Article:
York County soon will say goodbye to the only economic development director it has had for nearly 30 years. Mark Farris announced last week that he has taken a new job as the president and chief executive officer for the Greenville Area Development Corp.
Farris, who has been drumming up business for York County since 1987, was unanimously selected for the job in Greenville County. That entailed a nationwide search that attracted more than 300 applications.
The choice of Farris was understandable. He has done an outstanding job of courting business prospects and making sure they were a good fit for York County.
During his lengthy tenure, Farris has played a key role in bringing more than $4 billion in new capital investment to the county – an average of more than $180 million in new investment and 1,200 jobs a year. In June, he joined a contingent of local officials and Gov. Nikki Haley in hailing the decision by two companies to move operations from Charlotte to create new corporate headquarters in Fort Mill.
The two companies – Lash Group and LPL Financial – ultimately expect to create as many as 5,400 new jobs.
Farris credits the county council for giving him the latitude and support he needs to land major prospects for the county. But county officials say much of the credit must go to Farris, himself.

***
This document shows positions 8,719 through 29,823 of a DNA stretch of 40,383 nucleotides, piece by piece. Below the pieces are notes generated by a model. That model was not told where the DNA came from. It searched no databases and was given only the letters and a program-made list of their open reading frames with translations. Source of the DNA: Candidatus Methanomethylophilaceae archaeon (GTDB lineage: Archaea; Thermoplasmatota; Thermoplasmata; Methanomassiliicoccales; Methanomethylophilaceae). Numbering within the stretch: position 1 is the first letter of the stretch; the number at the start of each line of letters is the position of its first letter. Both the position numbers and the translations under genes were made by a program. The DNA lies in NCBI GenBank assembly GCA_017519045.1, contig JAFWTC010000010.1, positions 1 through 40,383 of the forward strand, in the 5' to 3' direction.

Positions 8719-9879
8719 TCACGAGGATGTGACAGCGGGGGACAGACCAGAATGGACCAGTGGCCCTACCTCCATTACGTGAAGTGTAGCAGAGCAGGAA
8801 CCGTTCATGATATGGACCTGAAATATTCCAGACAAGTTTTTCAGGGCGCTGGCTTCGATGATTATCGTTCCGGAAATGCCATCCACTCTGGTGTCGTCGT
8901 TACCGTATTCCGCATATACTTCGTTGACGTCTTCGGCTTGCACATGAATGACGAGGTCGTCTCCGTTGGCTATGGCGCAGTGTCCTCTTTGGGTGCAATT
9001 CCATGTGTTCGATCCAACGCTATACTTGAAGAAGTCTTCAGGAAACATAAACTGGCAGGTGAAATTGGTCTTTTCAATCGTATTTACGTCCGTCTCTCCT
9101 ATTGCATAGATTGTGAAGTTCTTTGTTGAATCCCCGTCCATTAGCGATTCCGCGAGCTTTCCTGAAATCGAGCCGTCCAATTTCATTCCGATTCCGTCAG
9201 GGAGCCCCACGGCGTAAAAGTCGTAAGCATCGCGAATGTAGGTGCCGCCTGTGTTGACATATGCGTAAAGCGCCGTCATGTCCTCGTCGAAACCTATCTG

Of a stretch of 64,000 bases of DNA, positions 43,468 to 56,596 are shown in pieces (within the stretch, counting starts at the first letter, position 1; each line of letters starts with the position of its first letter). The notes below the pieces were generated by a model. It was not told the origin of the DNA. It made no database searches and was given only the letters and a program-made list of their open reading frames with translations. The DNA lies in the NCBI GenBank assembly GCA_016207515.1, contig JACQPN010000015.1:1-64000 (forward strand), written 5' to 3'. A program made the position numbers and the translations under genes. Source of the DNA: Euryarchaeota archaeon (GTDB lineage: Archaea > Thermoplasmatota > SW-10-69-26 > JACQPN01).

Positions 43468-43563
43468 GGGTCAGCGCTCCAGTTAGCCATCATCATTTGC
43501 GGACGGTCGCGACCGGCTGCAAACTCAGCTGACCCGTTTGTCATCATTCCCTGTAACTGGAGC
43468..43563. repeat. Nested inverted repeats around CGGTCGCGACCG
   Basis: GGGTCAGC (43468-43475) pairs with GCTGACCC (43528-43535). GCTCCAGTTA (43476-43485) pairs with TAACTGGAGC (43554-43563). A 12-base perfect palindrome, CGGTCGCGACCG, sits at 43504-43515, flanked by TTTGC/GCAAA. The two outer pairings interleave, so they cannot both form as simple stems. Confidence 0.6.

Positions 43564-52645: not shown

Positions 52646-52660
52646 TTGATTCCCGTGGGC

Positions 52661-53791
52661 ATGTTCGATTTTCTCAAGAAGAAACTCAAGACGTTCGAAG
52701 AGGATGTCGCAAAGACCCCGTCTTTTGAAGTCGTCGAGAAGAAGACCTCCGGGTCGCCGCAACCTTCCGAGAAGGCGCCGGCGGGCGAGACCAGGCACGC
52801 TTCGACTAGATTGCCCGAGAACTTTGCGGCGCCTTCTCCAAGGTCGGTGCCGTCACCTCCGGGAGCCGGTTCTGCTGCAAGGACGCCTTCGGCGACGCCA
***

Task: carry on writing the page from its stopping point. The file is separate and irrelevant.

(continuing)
“Mark did all the legwork,” said Councilman Bump Roddey, who said Farris deserves all the credit for bringing jobs to the area.
Council Chairman Britt Blackwell notes that Fariss’ success also is a curse of sorts, because “everybody wants our people.” That presents a significant challenge for York County.
With Farris at the helm of economic development, the county could be certain year in and year out that he would conscientiously woo candidates for new business ventures. County officials also knew they had an expert salesman for the county in Farris.
Finding a replacement for Farris with similar skills and drive will be crucial for the county’s continued success in attracting new firms and new jobs. And we hope the search for a new director is as wide ranging and thorough as Greenville County’s was.
Farris said he looks forward to his new job, which begins Sept. 15. He said he hopes to help Greenville County diversify its corporate base and take advantage of its highly skilled work force.
We are grateful for the investment he has helped attract to York County and wish him well in his new job (as long as he is not competing with York County for business prospects).